Widow Says Spacey Attorney|Took Her for $300,000


     HOUSTON (CN) – An attorney defrauded a woman of $300,000 by claiming his company had a “special rocket engine” to “travel in space to a distant asteroid and mine precious metals,” the woman claims in court.
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     Donna Beck sued Houston patent attorney Arthur Dula, his companies Excalibur Exploration Limited, Excalibur Limited, Excalibur Almaz Limited and Excalibur Almaz USA Inc., and Excalibur directors J. Buckner Hightower and Christopher Stott, in Harris County Court.
     “Dula defrauded Beck by inducing her and her husband (since deceased) to advance $300,000, and later purchase an investment in Excalibur Exploration Limited, one of the Excalibur entities, with the fundamental false representation that the company had the technical expertise and associations to develop a business to fly the first commercial prospecting space flight to an asteroid,” the complaint states.
     “Dula bolstered his lies by representing that his other companies had the spacecraft to accomplish the job, as well as associations with other necessary contractors.
     “In fact, the entire operation was a sham and never accomplished anything of substance.
     “Dula spent Beck’s money even before Excalibur Exploration Limited was formed to pay for a project that Dula and his associates had previously earmarked as an expense for another related company, until they got lucky and got Beck’s check and switched the obligation to her.
     “Moreover, none of the promises made in Dula’s solicitation letter were performed or even attempted: the initial stock share splits were never honors, no attempt to raise capital was ever undertaken, no business plans were ever developed, and the spacecraft that Dula said were available have not undergone any of the required modifications for flight. In fact, Dula even refused to provide the contracts to show his minority shareholder Beck that he or his companies owned the spacecraft that he had originally toured as an advantage to induce her investment.”
     Beck claims that she and her husband met Dula, Hightower and Stott in May 2006 during a commercial space flight convention on a cruise ship.
     “Dula had given a talk at the event and was eager to meet prospective investors in his commercial space companies,” the complaint states. “After the event, Dula kept in touch with Beck and her husband, and soon follow-on meetings were arranged, including some when Dula invited former NASA astronauts to attend to lend credibility to his effort.
     “Beck and her husband were hooked by Dula’s charm and the plan presented by all the defendants to mine asteroids for precious metals and the profits it would bring. Beck and her husband were open to making an investment.”
     Beck says Dula sent her a solicitation telling her to write him a $300,000 check for his company, and promising that with the investment she and her husband would be “founders” of his enterprise.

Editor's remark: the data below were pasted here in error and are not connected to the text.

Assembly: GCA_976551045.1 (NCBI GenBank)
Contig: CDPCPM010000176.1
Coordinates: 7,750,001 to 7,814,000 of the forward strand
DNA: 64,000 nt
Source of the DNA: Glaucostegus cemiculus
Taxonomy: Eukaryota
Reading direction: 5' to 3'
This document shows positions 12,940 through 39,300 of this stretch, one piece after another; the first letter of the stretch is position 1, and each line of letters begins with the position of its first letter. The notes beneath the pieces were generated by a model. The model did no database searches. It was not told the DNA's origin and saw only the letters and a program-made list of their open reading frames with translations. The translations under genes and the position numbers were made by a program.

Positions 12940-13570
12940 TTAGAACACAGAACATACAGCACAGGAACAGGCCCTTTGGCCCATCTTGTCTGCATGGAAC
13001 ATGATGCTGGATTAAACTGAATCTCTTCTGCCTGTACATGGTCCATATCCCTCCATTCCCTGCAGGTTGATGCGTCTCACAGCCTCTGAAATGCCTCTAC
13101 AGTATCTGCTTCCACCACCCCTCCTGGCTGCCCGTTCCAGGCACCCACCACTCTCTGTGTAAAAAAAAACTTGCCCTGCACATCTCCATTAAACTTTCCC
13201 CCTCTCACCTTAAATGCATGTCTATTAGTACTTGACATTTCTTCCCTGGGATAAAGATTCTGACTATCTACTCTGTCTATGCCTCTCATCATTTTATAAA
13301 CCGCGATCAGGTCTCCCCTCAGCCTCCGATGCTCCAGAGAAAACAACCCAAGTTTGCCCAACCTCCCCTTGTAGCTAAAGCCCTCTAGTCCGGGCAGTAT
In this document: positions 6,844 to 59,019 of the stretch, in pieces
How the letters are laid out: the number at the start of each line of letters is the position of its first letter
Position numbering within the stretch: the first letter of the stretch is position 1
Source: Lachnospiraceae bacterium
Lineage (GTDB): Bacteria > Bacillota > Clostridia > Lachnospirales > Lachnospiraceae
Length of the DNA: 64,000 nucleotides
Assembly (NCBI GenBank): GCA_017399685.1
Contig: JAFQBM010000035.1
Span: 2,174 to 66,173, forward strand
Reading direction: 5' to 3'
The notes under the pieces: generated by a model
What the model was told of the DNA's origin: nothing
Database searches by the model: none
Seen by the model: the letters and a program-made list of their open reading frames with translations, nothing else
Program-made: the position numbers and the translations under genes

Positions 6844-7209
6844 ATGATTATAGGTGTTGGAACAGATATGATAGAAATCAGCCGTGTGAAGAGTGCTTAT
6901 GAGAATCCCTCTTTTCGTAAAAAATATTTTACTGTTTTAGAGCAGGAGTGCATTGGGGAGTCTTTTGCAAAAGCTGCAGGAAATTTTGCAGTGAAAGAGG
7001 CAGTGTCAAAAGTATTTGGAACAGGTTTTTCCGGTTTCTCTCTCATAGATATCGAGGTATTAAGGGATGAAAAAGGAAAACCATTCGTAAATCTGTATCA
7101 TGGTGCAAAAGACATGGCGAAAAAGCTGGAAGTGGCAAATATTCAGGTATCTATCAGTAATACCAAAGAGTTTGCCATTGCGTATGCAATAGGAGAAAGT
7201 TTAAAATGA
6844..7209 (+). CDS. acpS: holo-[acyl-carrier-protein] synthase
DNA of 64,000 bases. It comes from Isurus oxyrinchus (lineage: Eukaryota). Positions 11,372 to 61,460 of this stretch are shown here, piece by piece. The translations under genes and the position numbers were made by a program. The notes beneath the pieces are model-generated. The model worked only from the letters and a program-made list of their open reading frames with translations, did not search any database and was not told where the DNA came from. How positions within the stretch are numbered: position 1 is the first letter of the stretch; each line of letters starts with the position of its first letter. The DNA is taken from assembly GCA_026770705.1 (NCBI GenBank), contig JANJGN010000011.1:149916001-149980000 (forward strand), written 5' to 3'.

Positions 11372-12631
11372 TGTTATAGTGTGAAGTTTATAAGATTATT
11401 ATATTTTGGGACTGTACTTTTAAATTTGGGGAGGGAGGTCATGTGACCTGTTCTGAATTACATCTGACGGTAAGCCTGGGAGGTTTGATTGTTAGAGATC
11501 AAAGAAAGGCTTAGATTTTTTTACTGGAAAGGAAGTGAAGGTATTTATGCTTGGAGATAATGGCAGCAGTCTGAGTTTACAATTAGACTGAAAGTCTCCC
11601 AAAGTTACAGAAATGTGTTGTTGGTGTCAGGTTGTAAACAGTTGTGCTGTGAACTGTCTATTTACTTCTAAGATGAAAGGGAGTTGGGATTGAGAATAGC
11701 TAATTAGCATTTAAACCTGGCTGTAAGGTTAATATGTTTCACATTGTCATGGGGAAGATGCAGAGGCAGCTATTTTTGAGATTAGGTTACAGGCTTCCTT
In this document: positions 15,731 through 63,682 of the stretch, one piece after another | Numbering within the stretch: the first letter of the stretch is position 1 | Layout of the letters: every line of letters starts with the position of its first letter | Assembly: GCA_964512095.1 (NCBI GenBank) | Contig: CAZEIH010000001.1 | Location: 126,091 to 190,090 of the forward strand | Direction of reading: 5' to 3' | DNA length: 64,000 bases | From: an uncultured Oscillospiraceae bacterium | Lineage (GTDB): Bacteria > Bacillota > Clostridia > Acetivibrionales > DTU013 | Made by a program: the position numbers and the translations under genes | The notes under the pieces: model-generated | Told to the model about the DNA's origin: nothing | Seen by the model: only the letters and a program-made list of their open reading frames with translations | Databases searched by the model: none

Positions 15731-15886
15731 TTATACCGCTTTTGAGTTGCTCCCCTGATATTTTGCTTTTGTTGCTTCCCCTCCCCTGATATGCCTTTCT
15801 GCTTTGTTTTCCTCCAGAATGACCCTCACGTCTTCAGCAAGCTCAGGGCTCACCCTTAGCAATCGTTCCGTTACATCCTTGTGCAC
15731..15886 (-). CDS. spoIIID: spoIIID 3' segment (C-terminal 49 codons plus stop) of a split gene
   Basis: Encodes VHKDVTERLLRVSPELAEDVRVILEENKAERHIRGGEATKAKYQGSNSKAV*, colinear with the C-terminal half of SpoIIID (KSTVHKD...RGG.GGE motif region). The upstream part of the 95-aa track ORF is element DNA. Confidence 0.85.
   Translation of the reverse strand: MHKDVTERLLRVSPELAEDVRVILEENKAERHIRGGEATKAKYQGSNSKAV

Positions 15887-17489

“Dula also represented to Beck that he had already raised ‘$50 million’ for his Excalibur Almaz Limited operations, which included ‘Almaz spacecraft’ that would be used to test the operation of a special rocket engine needed to travel to asteroids,” the complaint states.
     “Dula also represented that this special rocket engine – VASMIR – was developed by a company with which he had close ties, and that they would sell Excalibur Mines ‘the ‘right of first refusal’ to use the VASMIR rocket engine for commercial asteroid prospecting and mining.'”
     Beck says though they were interested, she and her husband did not immediately give Dula any money. But she claims Dula persuaded them to invest by falsely claiming he had financed acquisition of the VASMIR engine.
     Beck says Dula, Hightower and Stott won them over by hosting them at a dinner honoring science fiction writer Robert Heinlein, which many former NASA astronauts and officials attended.
     “The dinner included Dula awarding the First Heinlein Prize of a $500,000 check to Peter Diamandis for his work in advancing commercial space opportunities,” the complaint states. “Beck and her husband were impressed with the contacts in the aerospace industry the defendants appeared to have, as well as their apparent success to substantial amounts of money.”
     Beck claims that after she and her husband forked over the $300,000 in 2006, Dula never formed Excalibur Mines, the company in which she thought she would be shareholder.
     Instead, Beck says, Dula issued her and her husband 3,000 shares of Excalibur Exploration Limited, a company he formed in 2007 in the Isle of Man, an offshore tax haven.
     “In June 2011, before which no meetings, or board minutes, or status reports, or progress had been reported for many months, Beck tendered her resignation from the Board and told Dula she wanted to sell her Excalibur Exploration Limited shares back to the company,” the complaint states.
     Beck says that when she could not get any answers from Dula about what happened to her money, she had her lawyer remove her from the Excalibur Exploration Limited Board of Directors.
     “To this day, no explanation has been provided as to the use of Beck’s initial funds advanced to EA USA,” Beck claims.
     Beck says that Dula and his colleagues have a habit of “preying on wealthy people by promising that they would be part of a grand new adventure in order to get their money.”
     In reality, Beck says, Dula and company spend investors’ money to fund their own international travel to aerospace conferences, and perpetuate their schemes.
     Beck seeks damages for negligence, fraud, breach of fiduciary duty, Texas Securities Act violations and breach of contract.
     She is represented by Scott Clearman with ClearmanPrebeg in Houston.

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